The company says the problems were the result of a “Leap Day bug,” an error related to date/time values. In a blog post, Bill Laing, vice president of Microsoft’s Server and Cloud Division, wrote that the problem emerged from the system’s attempt to create “valid-to” dates one year in the future, which Azure figured would be February 29, 2013. Since that day doesn’t exist, the certification creation failed, and users ended up being shut out of their cloud systems.

Then, Laing wrote, Microsoft inadvertently sent out an update package that wasn’t compatible with some companies’ host agents, which meant a delay in getting back to business.

The issue occurred at a time when many businesses are considering whether to go the cloud computing route, and for what operations. Azure is a prominent name in the space, along with products from Amazon, Google and other companies.

It may not be surprising that there would be bugs in cloud systems. They’re complicated, and pretty new. Windows Azure only became generally available in 2010. Then again, there are also plenty of potential pitfalls in storing data and software on-site. Keeping multiple computers updated with new software and security systems isn’t easy, and local servers—not to mention employees’ laptops—are vulnerable to all sorts of disasters. IT support firms can clarify these issues and help businesses choose the best tools—whether local or virtual—for their needs.

In response to the Leap Day problems, Microsoft has promised a number of improvements to its methods. Among other things, Laing wrote, the company will test its offerings better to avoid problems related to time and date values, work to detect errors more quickly and make customers’ dashboard interfaces more consistently available. The company also pledged to improve customer support and communications tools so that, in the event of an incident, those affected will have quicker access to better information about what’s going on.

Meanwhile, Microsoft is giving a 33 percent credit for the affected billing months for all users of the affected services—Azure Compute, Access Control, Service Bus and Caching—even if their service wasn’t interrupted.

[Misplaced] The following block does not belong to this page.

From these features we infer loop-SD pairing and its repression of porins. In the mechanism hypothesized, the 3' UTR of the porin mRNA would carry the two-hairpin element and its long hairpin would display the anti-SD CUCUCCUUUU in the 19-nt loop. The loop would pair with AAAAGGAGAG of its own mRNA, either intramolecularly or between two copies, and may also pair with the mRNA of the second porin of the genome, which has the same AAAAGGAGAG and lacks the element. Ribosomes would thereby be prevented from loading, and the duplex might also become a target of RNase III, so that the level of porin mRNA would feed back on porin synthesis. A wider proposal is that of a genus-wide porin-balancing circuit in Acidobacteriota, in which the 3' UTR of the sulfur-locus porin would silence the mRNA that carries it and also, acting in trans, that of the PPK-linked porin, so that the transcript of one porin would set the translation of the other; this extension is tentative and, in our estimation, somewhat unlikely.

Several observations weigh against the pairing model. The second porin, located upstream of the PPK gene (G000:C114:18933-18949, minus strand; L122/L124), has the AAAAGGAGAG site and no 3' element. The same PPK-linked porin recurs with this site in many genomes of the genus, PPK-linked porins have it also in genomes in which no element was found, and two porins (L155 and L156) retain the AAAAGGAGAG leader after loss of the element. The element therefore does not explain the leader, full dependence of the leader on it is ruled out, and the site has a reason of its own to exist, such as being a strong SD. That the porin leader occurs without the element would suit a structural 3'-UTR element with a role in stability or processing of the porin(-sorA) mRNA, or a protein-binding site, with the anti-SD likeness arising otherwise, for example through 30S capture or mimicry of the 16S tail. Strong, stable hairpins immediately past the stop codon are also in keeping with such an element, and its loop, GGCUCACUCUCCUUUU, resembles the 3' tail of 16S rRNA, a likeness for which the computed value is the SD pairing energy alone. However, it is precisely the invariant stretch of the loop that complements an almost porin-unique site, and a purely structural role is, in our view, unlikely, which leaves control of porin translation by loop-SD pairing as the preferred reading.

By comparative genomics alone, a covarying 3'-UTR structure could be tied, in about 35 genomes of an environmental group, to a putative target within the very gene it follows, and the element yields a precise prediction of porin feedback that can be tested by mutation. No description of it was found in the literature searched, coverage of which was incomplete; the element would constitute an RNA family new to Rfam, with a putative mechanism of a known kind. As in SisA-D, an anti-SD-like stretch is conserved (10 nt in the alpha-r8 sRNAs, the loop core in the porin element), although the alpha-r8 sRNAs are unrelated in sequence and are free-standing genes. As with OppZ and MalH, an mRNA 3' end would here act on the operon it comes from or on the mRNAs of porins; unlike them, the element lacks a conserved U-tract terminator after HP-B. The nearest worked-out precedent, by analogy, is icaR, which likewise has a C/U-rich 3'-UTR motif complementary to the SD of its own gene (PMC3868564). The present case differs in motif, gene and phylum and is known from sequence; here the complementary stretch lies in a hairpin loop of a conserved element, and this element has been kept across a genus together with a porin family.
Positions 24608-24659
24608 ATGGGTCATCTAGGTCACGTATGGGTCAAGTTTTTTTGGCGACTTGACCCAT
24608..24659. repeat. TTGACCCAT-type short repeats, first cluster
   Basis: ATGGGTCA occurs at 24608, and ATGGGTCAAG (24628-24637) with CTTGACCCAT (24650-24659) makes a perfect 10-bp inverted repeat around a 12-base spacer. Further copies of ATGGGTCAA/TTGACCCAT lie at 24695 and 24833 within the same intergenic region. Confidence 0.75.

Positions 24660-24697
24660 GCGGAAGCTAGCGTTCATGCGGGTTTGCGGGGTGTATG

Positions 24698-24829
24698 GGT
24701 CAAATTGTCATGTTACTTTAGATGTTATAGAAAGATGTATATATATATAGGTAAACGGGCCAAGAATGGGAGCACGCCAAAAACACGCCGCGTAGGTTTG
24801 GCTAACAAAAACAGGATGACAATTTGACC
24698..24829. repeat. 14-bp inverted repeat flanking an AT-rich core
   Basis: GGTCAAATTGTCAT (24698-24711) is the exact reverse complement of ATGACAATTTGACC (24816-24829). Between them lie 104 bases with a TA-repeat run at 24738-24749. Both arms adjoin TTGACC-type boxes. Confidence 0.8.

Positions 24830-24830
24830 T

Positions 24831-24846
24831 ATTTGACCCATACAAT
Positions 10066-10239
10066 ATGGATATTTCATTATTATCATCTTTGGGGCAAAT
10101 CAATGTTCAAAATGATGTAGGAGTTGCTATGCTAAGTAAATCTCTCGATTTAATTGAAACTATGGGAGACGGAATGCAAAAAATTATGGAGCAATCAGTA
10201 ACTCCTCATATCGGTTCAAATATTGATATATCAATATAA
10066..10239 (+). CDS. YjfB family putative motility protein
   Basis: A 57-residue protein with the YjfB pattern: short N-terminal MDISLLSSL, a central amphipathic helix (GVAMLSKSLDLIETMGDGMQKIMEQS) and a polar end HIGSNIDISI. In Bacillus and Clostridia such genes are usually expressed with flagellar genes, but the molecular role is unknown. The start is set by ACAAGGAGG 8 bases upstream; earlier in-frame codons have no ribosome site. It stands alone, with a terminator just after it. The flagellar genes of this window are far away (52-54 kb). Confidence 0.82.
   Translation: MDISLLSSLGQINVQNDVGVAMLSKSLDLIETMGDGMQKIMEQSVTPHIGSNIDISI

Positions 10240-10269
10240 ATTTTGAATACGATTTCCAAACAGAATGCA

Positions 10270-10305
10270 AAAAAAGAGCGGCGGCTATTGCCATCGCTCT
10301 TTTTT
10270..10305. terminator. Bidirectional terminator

Microsoft must be hoping the slip-up won’t hurt Azure, especially since cloud computing is more and more on the minds of businesses that are choosing how to deal with their data most simply and affordably. In its quest to win over those potential customers, the company also recently cut the price of Azure, following Google and Amazon, which have done the same for their cloud offerings.

Privacy in the Google Age

Google has launched its new privacy policy which streamlines all of its data collection from its various services. In theory, this will allow Google to have better grasp as to what you want. For example, Google will be able to see what your friends on G+ like and target you with ads appropriately. To put this in perspective, Google won’t know any more than they do now; however, it will be able to use what it knows more effectively. There has been a lot of paranoid in the digital age regarding privacy, but there are some simple thing that you can do to thwart Google’s attempts to learn more about you. Google’s most popular services, its search engine and Youtube do not require you to be signed in to use them. Another thing you can do is to go to your account settings and click on Web History. From that tab you will be able stop the recording of your web search history. Even with all the tricks to avoid Google’s detection, there is still trepidation about privacy on the Internet. What to know more?

Yesica Toscanini, a fashion model from Argentina, is attempting to have exercise her Right to be Forgotten. She’s attempting to get certain pictures removed from coming up in search engine queries. This is not an isolated phenomenon. There are 27 countries in Europe that are creating similar legislation. The whole situation does raise an interesting question: Do we have the right to be forgotten? On the one hand, the right to be forgotten seems like the memory hole in Orwell’s 1984. He who controls the past controls the future. For example, in Germany two convicted murders want their names removed from Wikipedia since they’ve paid their debt to society by serving time in jail. On the other hand, actress Junie Hoang is suing IMDB, owned by Amazon, because she claims that the website went through her credit card information to obtain her birthday. It’s a tricky balancing act between privacy and free speech that is playing out right in front of our eyes.